You Asked, We Answered: NFTs and Virtual Currency in Games: Compliance Issues and Legal Risks
Game developers and platform providers are increasingly integrating non-fungible tokens (NFTs), virtual currencies, and digital marketplaces into their games and platforms, creating seamless, novel, and interactive experiences. While the industry has moved ahead quickly, federal and state regulators are taking a much closer look at how these technologies fit within existing legal frameworks.
In a recent webinar, partner Ellen Berge and associate Chris Boone of Venable’s Advertising Law and Payments groups explored the latest regulatory developments and addressed how to spot and avoid compliance and regulatory risks associated with NFTs, virtual currencies, and other platform-based monetization mechanics.
Will the Bipartisan Infrastructure Framework Hold Together?
Senators are spending this first week of August debating and digesting a 2,700-page infrastructure bill drafted by a bipartisan group of senators and the White House. In this alert we'll look at how the bill came together, what happens next, and what an agreement may signal for other congressional work this year.
Restitution or Disgorgement: Seventh Circuit Holds They Are Birds of a Feather
It feels like only yesterday we were analyzing the Supreme Court’s opinion in Liu v. SEC and its initial impact on FTC cases. As a refresher: Liu held that a disgorgement award may not exceed a firm’s net profits. Subsequent to that, the Court ruled in AMG Capital Management LLC v. FTC that the FTC cannot obtain equitable monetary relief under Section 13(b) of the FTC Act. The House has passed legislation that would “restore” the FTC’s ability to obtain equitable monetary relief, and that bill is now being considered by the Senate. The new bill provides for the FTC to recover both restitution and disgorgement. A decision from the Seventh Circuit, however, found that those remedies are essentially the same thing and that the remedy is properly limited to profits, not revenue.
FTC Turns Focus to Repair Restrictions in New Policy Statement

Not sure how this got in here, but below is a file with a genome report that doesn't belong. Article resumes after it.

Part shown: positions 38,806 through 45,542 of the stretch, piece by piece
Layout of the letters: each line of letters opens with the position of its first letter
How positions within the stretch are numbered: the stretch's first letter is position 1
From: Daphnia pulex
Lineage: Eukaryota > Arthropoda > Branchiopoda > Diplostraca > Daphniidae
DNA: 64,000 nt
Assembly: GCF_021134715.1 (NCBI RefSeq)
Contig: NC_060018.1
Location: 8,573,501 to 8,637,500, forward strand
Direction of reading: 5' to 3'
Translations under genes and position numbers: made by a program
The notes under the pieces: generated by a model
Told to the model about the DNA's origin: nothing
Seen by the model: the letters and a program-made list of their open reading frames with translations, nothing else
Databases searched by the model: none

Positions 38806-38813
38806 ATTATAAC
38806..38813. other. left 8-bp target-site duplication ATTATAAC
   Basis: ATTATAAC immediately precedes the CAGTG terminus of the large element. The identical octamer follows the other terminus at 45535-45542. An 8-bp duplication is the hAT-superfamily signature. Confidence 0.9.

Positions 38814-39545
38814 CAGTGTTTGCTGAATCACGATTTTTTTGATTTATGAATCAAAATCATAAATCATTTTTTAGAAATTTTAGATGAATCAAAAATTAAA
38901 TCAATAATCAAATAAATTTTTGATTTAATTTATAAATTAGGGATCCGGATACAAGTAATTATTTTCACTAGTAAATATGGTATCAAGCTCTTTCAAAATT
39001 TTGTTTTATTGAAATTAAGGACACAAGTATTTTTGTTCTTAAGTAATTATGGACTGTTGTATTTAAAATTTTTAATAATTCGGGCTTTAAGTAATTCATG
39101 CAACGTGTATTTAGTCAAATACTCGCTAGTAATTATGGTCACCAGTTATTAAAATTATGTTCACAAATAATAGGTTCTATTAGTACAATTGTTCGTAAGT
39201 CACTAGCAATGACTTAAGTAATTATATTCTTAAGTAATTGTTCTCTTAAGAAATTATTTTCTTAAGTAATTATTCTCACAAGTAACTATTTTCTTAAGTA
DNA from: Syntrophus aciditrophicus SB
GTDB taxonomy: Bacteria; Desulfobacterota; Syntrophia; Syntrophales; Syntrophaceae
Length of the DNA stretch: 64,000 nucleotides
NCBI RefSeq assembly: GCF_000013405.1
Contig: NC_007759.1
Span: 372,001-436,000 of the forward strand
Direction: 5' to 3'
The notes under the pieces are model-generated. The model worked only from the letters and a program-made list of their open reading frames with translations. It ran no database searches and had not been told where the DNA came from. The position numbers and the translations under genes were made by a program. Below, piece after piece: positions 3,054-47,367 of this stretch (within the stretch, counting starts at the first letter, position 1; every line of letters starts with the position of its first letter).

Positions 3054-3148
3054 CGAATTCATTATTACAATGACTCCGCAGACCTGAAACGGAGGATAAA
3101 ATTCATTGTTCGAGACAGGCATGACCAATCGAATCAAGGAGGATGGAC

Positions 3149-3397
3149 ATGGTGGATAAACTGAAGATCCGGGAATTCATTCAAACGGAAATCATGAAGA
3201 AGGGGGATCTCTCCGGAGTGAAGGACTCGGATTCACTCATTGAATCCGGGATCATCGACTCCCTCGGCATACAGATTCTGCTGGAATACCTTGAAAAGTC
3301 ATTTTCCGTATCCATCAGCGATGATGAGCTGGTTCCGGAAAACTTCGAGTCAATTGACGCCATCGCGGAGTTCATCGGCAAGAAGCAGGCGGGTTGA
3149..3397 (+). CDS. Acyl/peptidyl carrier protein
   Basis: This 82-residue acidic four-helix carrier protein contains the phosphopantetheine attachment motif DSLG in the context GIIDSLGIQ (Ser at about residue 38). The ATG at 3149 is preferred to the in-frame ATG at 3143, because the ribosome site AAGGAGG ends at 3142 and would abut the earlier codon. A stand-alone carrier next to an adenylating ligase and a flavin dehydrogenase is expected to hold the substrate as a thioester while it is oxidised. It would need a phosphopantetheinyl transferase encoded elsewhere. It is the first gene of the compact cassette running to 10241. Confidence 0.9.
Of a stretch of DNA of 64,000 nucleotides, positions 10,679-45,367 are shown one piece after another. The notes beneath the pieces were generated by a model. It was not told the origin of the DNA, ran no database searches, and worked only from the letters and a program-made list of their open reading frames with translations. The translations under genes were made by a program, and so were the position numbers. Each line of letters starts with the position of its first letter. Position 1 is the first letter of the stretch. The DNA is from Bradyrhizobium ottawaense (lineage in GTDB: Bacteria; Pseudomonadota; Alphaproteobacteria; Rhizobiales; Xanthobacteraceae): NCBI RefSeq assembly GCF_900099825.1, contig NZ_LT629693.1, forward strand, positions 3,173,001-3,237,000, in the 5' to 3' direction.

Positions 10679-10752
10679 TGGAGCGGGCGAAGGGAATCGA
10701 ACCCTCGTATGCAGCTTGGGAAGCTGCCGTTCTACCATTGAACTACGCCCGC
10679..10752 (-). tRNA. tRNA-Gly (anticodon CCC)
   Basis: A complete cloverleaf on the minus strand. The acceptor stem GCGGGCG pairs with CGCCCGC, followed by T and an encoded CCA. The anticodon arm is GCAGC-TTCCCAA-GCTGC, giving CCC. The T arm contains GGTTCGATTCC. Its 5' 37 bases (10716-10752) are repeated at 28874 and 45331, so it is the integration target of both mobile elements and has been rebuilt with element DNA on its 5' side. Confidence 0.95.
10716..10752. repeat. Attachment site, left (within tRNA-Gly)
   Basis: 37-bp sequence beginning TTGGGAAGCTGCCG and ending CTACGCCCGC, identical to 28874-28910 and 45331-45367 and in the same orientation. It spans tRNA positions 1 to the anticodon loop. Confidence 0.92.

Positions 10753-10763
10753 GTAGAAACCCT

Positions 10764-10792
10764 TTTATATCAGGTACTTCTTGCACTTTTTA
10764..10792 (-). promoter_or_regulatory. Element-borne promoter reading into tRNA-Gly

On July 21, 2021, and in response to President Biden’s Executive Order calling on the FTC to address repair restrictions, the FTC unanimously adopted the Right to Repair Policy Statement related to manufacturer and seller restrictions to product repairs. In the policy statement, the FTC announced its plans to prioritize enforcement against unlawful repair restrictions, including promoting possible updates to state and federal legislation. Manufacturers and sellers should ensure compliance with current consumer protection and antitrust laws and monitor potential rulemaking, a path the FTC is careening toward.
New Changes at the FTC: Return of the Rulemaking
With a new leader at the Federal Trade Commission comes new rules of practice. Chair Lina Kahn convened a first-of-its-kind open Commission meeting, allowing for live public comments following the meeting. In addition to issuing the Made in the USA Final Rule at the meeting, the FTC revised the procedures for issuing Magnuson-Moss Rules. This carries out Commissioner Chopra and now-Chair Khan’s call for more rulemaking, and the next step to former Chair Slaughter’s creation of a rulemaking group within the Commission. The changes concentrate the rulemaking process in the Chair’s office and strip away many of the procedures that helped lead to rules based on bipartisan consensus among the commissioners and support from FTC staff.